“The current outlook for UK financial stability is challenging,” the Bank of England warned on Tuesday.
The central bank’s Financial Policy Committee has released its biannual financial stability report looking at the financial health of Britain and assessing any changes to the outlook since the most recent report.
The TLDR is: Things look bad, and it is mostly because of the European Union referendum.
The report says Britain’s referendum on its EU membership remains “the most significant near-term domestic risks to financial stability.”
The Bank of England says that many of the potential risks it had identified in the run-up to the referendum had “begun to crystallise.” In other words, the doom-laden predictions are beginning to come true.
The central bank says it is “closely monitoring” the situation and “stands ready to take actions that will ensure that capital and liquidity buffers can be drawn on, as needed, to support the supply of credit and in support of market functioning.”
Regulation has been relaxed to give banks more breathing room, with the capital buffer — the amount of cash or readily sellable assets on hand — reduced to 0% of UK exposure from 0.5%. This should free up £5.7 billion ($7.4 billion), “raising banks’ capacity for lending to UK households and businesses by up to £150 billion.”
The main economic assessment was done in March, well before the referendum, but the central bank identifies several key ways in which the result could influence stability. The report also reflects on some of the most notable changes since the referendum, such as bank shares tanking 20% and the pound cratering against the dollar.
Here are the key risks the vote for a British exit from the EU, or Brexit, poses to financial stability, as per the BOE:
- Financing of the UK’s large current account deficit, which relied on continuing material inflows of portfolio and foreign direct investment;
- The UK commercial real estate (CRE) market, which had experienced particularly strong inflows of capital from overseas and where valuations in some segments of the market had become stretched;
- The high level of UK household indebtedness, the vulnerability to higher unemployment and borrowing costs of the capacity of some households to service debts, and the potential for buy-to-let investors to behave procyclically, amplifying movements in the housing market;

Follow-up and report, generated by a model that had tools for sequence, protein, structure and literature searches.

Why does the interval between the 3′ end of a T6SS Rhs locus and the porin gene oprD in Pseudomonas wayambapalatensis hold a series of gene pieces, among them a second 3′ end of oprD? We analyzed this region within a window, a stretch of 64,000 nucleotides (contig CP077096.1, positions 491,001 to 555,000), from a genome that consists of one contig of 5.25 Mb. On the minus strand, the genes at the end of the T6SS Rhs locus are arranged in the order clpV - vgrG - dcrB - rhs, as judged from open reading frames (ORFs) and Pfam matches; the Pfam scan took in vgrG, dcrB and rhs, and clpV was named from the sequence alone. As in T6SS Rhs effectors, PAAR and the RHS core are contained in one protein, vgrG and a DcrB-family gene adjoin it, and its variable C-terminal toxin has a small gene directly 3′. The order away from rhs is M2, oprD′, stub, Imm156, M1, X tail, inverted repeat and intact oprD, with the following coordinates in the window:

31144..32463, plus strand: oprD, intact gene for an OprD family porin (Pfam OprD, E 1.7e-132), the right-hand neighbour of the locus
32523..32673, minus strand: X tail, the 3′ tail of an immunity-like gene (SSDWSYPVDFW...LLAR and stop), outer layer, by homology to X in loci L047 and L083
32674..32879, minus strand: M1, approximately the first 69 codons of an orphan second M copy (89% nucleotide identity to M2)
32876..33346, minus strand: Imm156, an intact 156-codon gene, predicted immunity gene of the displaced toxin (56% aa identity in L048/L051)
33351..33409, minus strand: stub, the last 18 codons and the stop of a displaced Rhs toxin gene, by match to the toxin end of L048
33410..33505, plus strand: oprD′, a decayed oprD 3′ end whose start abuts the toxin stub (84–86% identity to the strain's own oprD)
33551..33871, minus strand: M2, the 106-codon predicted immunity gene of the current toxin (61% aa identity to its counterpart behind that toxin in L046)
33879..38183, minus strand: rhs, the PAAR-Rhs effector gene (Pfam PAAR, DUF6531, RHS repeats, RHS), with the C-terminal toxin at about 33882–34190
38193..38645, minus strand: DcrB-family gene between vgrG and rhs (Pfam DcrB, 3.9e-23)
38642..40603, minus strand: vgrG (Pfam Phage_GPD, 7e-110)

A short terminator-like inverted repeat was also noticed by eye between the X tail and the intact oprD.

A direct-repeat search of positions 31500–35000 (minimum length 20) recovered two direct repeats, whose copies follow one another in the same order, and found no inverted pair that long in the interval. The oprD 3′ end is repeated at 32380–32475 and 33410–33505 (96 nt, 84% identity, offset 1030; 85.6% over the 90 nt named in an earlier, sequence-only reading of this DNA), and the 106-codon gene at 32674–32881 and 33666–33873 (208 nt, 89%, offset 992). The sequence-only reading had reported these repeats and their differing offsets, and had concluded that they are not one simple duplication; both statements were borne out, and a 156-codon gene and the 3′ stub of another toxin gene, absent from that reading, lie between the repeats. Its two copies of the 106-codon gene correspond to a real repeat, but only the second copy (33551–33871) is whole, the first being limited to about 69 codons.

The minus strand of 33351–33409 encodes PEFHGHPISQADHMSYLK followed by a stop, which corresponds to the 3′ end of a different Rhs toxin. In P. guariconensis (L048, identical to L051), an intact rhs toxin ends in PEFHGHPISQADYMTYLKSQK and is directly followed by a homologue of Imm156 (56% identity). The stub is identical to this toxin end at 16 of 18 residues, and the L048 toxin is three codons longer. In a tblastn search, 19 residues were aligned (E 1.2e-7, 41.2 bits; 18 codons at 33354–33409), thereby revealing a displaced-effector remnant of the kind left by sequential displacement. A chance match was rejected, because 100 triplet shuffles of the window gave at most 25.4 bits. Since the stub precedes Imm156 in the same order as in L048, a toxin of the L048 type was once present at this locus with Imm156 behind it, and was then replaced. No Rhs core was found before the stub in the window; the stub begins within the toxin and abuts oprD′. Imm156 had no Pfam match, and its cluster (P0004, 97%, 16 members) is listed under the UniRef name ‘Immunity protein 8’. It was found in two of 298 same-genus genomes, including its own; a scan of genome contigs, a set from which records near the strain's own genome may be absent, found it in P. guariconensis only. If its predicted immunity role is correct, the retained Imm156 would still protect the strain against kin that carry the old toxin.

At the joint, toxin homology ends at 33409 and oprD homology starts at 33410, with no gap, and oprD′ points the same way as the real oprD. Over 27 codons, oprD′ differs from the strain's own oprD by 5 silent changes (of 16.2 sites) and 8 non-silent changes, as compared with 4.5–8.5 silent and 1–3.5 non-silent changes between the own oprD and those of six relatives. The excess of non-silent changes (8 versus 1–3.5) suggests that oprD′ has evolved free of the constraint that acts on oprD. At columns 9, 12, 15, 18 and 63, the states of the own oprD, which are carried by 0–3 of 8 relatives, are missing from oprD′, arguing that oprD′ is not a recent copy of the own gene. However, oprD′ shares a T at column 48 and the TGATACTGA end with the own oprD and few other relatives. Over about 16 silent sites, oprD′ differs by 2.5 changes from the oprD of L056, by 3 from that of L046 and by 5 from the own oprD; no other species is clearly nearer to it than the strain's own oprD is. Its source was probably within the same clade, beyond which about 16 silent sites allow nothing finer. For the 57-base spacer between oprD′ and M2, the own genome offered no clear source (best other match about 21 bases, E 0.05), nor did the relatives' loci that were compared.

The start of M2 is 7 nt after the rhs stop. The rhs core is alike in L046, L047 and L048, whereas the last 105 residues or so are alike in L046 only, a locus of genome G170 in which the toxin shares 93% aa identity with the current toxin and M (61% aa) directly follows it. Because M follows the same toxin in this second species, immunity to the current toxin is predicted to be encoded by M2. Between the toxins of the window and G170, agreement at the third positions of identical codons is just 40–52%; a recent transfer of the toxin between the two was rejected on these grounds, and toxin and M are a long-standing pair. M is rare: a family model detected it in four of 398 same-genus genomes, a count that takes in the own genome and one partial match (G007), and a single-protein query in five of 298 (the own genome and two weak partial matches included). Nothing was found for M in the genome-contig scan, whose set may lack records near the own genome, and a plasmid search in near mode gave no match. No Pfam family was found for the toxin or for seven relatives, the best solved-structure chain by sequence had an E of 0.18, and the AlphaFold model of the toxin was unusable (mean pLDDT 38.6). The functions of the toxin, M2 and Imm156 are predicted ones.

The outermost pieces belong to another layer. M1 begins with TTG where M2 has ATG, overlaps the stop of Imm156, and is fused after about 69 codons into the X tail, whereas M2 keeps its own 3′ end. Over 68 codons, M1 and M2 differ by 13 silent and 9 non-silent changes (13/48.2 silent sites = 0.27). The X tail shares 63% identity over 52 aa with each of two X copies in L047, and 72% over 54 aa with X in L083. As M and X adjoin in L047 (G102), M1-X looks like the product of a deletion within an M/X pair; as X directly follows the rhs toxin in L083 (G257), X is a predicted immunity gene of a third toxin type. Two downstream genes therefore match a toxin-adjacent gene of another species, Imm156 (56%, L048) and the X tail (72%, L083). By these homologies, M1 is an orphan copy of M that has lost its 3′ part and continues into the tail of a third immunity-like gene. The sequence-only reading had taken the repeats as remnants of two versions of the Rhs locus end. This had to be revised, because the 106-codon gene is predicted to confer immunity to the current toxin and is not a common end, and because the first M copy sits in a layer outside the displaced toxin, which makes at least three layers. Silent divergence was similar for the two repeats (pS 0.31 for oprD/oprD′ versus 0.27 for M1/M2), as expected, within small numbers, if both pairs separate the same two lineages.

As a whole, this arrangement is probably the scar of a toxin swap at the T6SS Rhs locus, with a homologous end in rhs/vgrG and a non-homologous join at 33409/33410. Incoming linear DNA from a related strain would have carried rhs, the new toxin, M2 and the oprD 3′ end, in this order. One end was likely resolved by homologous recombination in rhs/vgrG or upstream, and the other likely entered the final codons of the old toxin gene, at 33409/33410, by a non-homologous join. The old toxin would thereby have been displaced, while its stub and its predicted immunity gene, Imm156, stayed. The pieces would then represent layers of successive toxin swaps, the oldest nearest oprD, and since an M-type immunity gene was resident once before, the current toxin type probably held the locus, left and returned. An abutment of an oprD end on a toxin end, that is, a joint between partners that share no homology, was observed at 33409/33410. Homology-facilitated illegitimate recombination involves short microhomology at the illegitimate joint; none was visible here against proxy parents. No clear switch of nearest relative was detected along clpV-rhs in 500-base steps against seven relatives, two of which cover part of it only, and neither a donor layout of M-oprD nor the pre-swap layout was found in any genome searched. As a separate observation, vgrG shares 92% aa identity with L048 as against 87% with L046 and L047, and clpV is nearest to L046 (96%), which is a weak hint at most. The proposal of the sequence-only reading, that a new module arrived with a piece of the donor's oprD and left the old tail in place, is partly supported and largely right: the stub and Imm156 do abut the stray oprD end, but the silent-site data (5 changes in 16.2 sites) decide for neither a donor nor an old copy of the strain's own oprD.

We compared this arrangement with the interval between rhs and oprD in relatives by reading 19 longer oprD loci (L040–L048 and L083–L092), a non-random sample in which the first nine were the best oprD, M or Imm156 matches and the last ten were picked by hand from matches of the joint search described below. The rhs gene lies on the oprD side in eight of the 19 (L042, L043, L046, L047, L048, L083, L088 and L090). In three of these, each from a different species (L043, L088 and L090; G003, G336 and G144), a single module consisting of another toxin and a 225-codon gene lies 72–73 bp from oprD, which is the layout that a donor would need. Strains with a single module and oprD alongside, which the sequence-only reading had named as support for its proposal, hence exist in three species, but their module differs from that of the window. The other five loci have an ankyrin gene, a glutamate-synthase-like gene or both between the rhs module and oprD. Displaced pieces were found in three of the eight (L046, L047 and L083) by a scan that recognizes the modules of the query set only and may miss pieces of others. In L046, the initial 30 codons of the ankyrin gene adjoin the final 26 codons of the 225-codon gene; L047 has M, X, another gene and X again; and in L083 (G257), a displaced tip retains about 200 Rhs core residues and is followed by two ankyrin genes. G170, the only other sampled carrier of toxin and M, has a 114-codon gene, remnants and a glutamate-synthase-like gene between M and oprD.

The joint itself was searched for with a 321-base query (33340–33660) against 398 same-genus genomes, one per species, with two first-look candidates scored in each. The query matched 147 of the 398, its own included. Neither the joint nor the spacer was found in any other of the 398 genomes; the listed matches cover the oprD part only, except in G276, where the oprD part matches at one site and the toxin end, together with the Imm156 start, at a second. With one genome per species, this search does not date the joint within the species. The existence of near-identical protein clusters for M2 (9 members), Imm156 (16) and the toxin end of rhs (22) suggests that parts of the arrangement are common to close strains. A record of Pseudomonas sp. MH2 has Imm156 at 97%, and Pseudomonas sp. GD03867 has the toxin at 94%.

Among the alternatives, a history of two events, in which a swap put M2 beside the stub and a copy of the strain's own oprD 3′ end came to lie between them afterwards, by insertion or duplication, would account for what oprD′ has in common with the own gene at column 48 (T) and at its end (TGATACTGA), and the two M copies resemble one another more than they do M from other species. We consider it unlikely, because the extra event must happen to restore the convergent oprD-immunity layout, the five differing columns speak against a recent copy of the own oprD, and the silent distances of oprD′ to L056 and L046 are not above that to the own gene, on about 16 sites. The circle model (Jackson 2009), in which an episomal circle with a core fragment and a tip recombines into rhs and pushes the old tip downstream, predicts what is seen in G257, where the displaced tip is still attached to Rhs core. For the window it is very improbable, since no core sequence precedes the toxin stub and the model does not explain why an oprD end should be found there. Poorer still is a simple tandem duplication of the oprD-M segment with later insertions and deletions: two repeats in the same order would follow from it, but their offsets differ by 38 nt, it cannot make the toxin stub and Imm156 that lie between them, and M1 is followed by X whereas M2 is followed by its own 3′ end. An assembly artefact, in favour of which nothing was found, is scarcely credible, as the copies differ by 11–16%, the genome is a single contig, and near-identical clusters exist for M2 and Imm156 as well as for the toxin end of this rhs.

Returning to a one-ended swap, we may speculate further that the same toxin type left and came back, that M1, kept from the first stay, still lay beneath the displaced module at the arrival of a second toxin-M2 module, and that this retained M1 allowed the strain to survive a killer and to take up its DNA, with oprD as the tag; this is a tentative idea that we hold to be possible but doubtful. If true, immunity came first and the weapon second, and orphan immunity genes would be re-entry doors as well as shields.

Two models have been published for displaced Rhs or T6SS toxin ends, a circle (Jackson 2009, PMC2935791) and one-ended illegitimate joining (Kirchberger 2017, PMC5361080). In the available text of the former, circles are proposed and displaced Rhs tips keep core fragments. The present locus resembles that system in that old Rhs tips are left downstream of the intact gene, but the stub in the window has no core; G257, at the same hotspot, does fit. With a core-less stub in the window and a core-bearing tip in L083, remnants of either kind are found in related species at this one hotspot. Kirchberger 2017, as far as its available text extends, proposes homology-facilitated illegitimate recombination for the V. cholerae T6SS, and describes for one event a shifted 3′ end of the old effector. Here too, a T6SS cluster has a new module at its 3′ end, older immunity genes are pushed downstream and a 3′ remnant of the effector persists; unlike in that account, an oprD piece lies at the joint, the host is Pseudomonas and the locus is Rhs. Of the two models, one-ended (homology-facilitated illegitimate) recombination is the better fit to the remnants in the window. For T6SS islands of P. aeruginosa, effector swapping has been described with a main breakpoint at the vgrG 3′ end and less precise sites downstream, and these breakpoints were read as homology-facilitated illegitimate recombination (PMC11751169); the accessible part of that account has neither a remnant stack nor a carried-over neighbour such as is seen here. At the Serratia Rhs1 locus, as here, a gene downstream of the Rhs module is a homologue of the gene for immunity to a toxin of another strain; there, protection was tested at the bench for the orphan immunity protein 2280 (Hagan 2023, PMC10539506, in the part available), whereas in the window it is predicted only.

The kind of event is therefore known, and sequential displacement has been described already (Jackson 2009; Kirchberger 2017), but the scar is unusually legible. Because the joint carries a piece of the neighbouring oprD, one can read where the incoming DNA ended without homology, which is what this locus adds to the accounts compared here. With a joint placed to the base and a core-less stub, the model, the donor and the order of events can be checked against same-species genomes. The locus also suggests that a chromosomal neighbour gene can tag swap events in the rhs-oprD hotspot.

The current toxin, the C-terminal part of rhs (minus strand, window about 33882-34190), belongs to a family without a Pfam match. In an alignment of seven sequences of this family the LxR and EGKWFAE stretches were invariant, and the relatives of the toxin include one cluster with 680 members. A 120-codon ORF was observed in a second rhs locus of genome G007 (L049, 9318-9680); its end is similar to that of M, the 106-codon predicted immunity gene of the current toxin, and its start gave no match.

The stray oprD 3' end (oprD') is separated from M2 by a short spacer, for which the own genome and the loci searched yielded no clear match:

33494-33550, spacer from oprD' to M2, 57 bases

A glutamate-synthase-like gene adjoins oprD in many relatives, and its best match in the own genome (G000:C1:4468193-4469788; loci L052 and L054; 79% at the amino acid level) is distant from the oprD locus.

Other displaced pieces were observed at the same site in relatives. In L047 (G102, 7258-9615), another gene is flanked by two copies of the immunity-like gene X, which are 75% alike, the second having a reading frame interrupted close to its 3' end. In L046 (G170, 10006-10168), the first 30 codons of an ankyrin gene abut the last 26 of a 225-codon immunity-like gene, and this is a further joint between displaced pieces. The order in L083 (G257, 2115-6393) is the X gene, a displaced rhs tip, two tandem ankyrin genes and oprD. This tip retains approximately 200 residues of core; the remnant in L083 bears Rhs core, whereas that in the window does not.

- Subdued growth in the global economy, including the euro area, which could be exacerbated by a prolonged period of heightened uncertainty; and
- Fragilities in financial market functioning, which could be tested during a period of elevated market activity and volatility.
It is not hard to see how many of this risks are “crystalizing” into realities. On the current account deficit, the pound has fallen to a 30-year-low against the dollar and Britain’s credit rating has been marked down, making it more expensive to borrow.
An estimated £650 million of commercial property deals in London alone have fallen through since the referendum, according to the Financial Times. Standard Life’s UK property fund also had to freeze withdrawals after it was overwhelmed by people trying to pull money out.
Last November’s stability report from the central bank signalled an improving global economy, but fears of increasing cyberattacks and a faltering Asian economy affected the outlook. July’s report was the first report since Britain opted for a Brexit. Mark Carney, the Bank of England governor, has previously warned that a Leave vote could tip the UK into recession.
Carney will answer questions on the report from the press at 11 a.m. BST (6 a.m. ET). Business Insider reporter Will Martin will be reporting from Threadneedle Street.
The governor reassured markets shortly after the Brexit vote that the UK’s central bank was ready to inject £250 billion of liquidity to keep everything on an even keel. Many market watchers expect Carney to outline in his press conference more details as to how he will do this.
Connor Campbell, a financial analyst at SpreadEx, says in an emailed statement Tuesday morning: “Focus will likely more be on Mark Carney’s post-report speech than the financial stability results themselves, with some thinking that the Bank of England chief could use this opportunity to announce measures that relax the amount of capital banks have to hold.”
Michael van Dulken, head of research at Accendo Markets, agrees, saying he expects “details about how it plans to ease the capital burden on banks, to keep financing alive for businesses and households and the economic consumer and business confidence ball up in the air.”